February 14, 2011 in Features

Mr. Dad: Mom wants dad to stop wrestling with child

Armin Brott

Dear Mr. Dad: I have a 10-month-old son. For the past two months, he and I have enjoyed “wrestling.” I lie on my back and he crawls around on top of me and slides off or rolls off (guided so he doesn’t really crash).

I also occasionally hold him upside down by his hips. In all of this, my son laughs. Mom is not good with our wrestling and thinks I am far too rough. Can you offer some guidance?

A: You say three things in your letter that tell me you’re taking reasonable precautions.

• First, you’re making sure your son doesn’t crash. Shaken baby syndrome – which can cause brain damage, spinal cord injuries, and worse – isn’t always about shaking. Abrupt jerking or whiplash motions could cause problems too. So guiding him from your chest to the floor is a good idea.

• Second, you’re keeping a firm grip on your baby as you hold him upside down.

There’s nothing inherently dangerous about being upside down – after all, babies spend a good portion of their time in the womb with their feet in the air. Your wife may be worried that you’ll cause brain damage or that you’ll dislocate your baby’s hips, knees, or ankles. There’s absolutely no evidence that validates either of those fears.

As long as you’re not swinging your baby, and as long as you’re keeping his head from snapping around, you’ve got nothing to worry about.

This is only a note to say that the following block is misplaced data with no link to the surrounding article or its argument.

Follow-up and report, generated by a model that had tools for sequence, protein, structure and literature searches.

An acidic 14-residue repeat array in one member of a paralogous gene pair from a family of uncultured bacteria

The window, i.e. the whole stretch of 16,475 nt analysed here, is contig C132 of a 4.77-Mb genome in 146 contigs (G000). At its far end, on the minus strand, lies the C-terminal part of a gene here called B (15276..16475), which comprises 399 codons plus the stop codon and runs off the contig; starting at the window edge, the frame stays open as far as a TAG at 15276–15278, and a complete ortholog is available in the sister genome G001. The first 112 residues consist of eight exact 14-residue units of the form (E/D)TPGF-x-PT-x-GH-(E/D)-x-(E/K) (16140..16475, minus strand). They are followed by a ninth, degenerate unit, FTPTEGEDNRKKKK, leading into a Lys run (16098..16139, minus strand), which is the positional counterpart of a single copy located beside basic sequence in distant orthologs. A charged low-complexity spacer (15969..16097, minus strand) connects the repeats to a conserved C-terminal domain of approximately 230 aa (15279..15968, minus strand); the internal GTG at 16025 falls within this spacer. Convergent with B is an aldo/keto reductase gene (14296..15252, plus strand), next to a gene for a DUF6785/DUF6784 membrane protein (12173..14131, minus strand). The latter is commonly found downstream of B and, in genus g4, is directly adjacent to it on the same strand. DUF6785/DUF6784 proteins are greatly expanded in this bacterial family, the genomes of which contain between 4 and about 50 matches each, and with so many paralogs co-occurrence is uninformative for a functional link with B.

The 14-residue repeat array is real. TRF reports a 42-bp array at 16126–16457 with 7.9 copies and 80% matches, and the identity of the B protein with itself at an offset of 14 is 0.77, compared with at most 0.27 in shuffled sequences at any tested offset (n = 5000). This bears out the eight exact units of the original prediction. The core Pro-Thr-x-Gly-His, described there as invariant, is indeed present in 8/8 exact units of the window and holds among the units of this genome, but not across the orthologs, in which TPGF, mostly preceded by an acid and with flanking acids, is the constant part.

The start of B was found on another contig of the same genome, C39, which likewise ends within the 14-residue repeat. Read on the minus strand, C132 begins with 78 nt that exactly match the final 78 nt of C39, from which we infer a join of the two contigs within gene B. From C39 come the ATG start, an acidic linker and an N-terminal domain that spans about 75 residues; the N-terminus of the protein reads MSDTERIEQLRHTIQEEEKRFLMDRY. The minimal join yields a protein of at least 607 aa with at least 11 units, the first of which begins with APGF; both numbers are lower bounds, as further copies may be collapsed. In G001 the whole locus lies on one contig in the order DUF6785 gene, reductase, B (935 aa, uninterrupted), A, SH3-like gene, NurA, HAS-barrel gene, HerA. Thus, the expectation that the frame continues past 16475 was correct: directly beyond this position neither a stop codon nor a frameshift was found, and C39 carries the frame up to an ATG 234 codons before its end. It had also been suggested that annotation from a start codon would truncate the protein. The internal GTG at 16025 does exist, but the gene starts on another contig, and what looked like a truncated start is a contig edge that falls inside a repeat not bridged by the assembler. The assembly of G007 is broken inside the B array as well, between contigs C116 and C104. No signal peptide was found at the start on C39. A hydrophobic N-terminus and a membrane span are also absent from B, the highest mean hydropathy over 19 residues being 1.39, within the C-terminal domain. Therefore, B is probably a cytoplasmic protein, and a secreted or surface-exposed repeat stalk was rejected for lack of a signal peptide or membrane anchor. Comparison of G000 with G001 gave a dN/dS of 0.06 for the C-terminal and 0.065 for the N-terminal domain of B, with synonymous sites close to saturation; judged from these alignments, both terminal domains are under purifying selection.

• Third – and most important – your baby is laughing. He may not be able to speak actual words, but he’s perfectly capable of communicating pleasure and displeasure.

If your baby wasn’t having a good time, he’d let you know by fussing, crying, or trying to wriggle out of your arms. Just be sure to pay close attention to how he’s reacting and stop immediately when it’s not fun anymore.

As far as guidance, I’ve got several suggestions.

• Make an appointment with your baby’s pediatrician and consider it a kind of binding arbitration. Demonstrate for the doc what you’re doing at home.

If you get a thumbs up, your wife agrees to back off. If it’s a thumbs down, you agree to adjust your baby handling to whatever the doc says is safe.

• Assuming that the pediatrician OKs your baby gymnastics routines, it might be a good idea to do your training at a time your wife isn’t going to be around to worry.

• Expand your horizons. There are plenty of ways to interact physically with your baby that are a bit calmer. For example, babies his age love chasing and being chased, so get out your knee pads and start crawling.

• Time your physical activity. Too soon after a meal and you’ll end up having to wash baby spit-up off your shoes and the floor. Too close to bedtime and your baby may have trouble settling into sleep mode.

Find resources for fathers at www.mrdad.com

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